Carvedilol has many uses. It is used to treat high blood pressure, chest pain (angina) and heart failure. Carvedilol is also used after a heart attack, to improve the chance of survival if your heart is not pumping well. It belongs to a group of medicines called beta-blockers. Carvedilol works by slowing down your heart rate and making it easier for your heart to pump blood around your body. Read more about heart failure, high blood pressure and chest pain.
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Sounds like 'KAR-ve-dil-ol'
Key points about carvedilol
- Carvedilol is used to treat heart failure, high blood pressure and irregular heart beat.
- Carvedilol works by slowing down your heart rate and making it easier for your heart to pump blood around your body.
- Find out how to take it safely and possible side effects.
In Aotearoa New Zealand, carvedilol comes as tablets (6.25mg, 12.5mg and 25mg).
- The dose of carvedilol will be different for different people. Your doctor will usually start you on a low dose and increase this over a few days. This allows your body to get used to the medicine and reduces side effects.
- Always take carvedilol exactly as your doctor has told you. The pharmacy label on your medicine will tell you how much carvedilol to take, how often to take it, and any special instructions.
My dose is:
- Timing: Depending on the reason you are taking carvedilol, you will be asked to take either one or two doses a day. Take your carvedilol dose at the same time each day. Take carvedilol with food, or immediately after food. It may cause stomach upset if you take it without food. Swallow your tablets, with a glass of water.
- Missed dose: If you forget to take your tablet, take it as soon as you remember that day. But, if it is nearly time for your next tablet, just take the next tablet at the right time. Do not take double the amount of tablets.
- Keep taking carvedilol regularly. Treatment with carvedilol is usually long term. Do not stop taking carvedilol suddenly; speak to your doctor or nurse before stopping.
Here are some things to know when you're taking carvedilol. Other things may be important as well, so ask your healthcare provider what you should know about.
- Avoid alcohol while you are taking carvedilol, especially when you first start treatment. Alcohol can increase your risk of side effects such as dizziness.
- Carvedilol can interact with other medicines. Tell your doctor or pharmacist about all medicines you are taking including over the counter medicines, herbal and complementary medicines or recreational drugs.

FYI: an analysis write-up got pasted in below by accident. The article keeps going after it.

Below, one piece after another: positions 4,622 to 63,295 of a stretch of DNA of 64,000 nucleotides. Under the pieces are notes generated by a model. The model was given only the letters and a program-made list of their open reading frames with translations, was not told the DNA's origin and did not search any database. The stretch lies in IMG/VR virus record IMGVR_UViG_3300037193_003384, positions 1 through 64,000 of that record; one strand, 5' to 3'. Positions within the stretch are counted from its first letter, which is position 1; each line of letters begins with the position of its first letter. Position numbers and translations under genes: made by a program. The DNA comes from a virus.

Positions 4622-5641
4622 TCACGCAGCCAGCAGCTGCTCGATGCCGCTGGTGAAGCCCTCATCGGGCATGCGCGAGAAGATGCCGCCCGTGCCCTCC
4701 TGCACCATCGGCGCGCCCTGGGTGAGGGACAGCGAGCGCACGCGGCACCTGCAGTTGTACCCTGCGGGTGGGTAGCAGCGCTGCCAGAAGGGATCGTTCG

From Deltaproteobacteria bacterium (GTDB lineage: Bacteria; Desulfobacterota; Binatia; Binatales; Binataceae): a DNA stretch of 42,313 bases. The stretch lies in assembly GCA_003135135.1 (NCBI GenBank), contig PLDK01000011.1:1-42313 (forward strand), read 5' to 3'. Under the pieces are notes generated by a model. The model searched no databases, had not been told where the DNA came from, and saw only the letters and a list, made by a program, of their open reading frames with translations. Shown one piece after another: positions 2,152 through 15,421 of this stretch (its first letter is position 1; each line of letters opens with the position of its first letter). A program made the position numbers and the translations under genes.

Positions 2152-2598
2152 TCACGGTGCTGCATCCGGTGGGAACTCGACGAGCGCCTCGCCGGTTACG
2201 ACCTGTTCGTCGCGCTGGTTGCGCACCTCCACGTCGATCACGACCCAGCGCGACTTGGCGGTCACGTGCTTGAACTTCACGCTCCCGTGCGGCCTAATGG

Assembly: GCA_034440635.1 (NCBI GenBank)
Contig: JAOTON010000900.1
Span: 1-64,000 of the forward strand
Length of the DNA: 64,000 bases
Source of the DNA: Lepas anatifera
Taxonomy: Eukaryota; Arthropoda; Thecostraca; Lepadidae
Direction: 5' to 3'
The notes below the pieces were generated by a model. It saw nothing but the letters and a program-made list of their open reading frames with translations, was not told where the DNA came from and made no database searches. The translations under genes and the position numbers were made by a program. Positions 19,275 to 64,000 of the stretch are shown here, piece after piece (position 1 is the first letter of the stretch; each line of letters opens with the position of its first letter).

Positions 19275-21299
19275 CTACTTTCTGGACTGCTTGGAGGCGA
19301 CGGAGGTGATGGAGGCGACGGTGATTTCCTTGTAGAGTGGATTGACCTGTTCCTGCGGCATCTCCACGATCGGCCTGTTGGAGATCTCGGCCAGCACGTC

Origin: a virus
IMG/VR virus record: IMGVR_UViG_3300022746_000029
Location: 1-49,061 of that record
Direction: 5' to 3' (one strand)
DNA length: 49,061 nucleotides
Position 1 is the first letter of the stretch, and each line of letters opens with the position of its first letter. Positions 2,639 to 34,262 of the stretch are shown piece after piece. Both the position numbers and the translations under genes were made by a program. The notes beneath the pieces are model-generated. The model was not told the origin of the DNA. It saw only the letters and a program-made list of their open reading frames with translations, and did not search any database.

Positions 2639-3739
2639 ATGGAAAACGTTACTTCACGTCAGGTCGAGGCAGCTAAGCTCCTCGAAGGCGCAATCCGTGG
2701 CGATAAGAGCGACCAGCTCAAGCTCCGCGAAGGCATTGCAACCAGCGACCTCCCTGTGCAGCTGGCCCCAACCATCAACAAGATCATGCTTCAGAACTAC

If you have diabetes
- If you have diabetes, carvedilol may cause changes in your blood glucose level. This effect usually settles with time.
- Beta-blockers may reduce the warning signs of a low blood sugar level (hypoglycaemia – often called a hypo). For example, you may not have the feeling of fast, irregular or strong heartbeats (palpitations) or tremor, which can occur when your blood glucose is going too low.
- If you are worried about this, talk to your doctor. Do not stop taking your beta-blocker without checking with your doctor first. Read more about hypoglycaemia.
If you have asthma
- If you have asthma, taking a beta blocker may trigger your asthma symptoms or make them worse. Not everybody with asthma is sensitive to these medicines.
- If you are worried about this, talk to your doctor. They may be able to prescribe a different medicine or increase the dose of your asthma preventer medication.
- Do not suddenly stop taking your beta-blocker without talking to your doctor first. This can be dangerous and make you feel unwell. Read more about medicines that may trigger asthma symptoms.
Like all medicines, carvedilol can cause side effects, although not everyone gets them. Often side effects improve as your body gets used to the new medicine.
|What should I do?
|Did you know that you can report a side effect to a medicine to CARM (Centre for Adverse Reactions Monitoring)? Report a side effect to a product(external link)
Credits: Sandra Ponen, Pharmacist, Healthify He Puna Waiora. Healthify is brought to you by Health Navigator Charitable Trust.
Reviewed by: Angela Lambie, Pharmacist, Auckland
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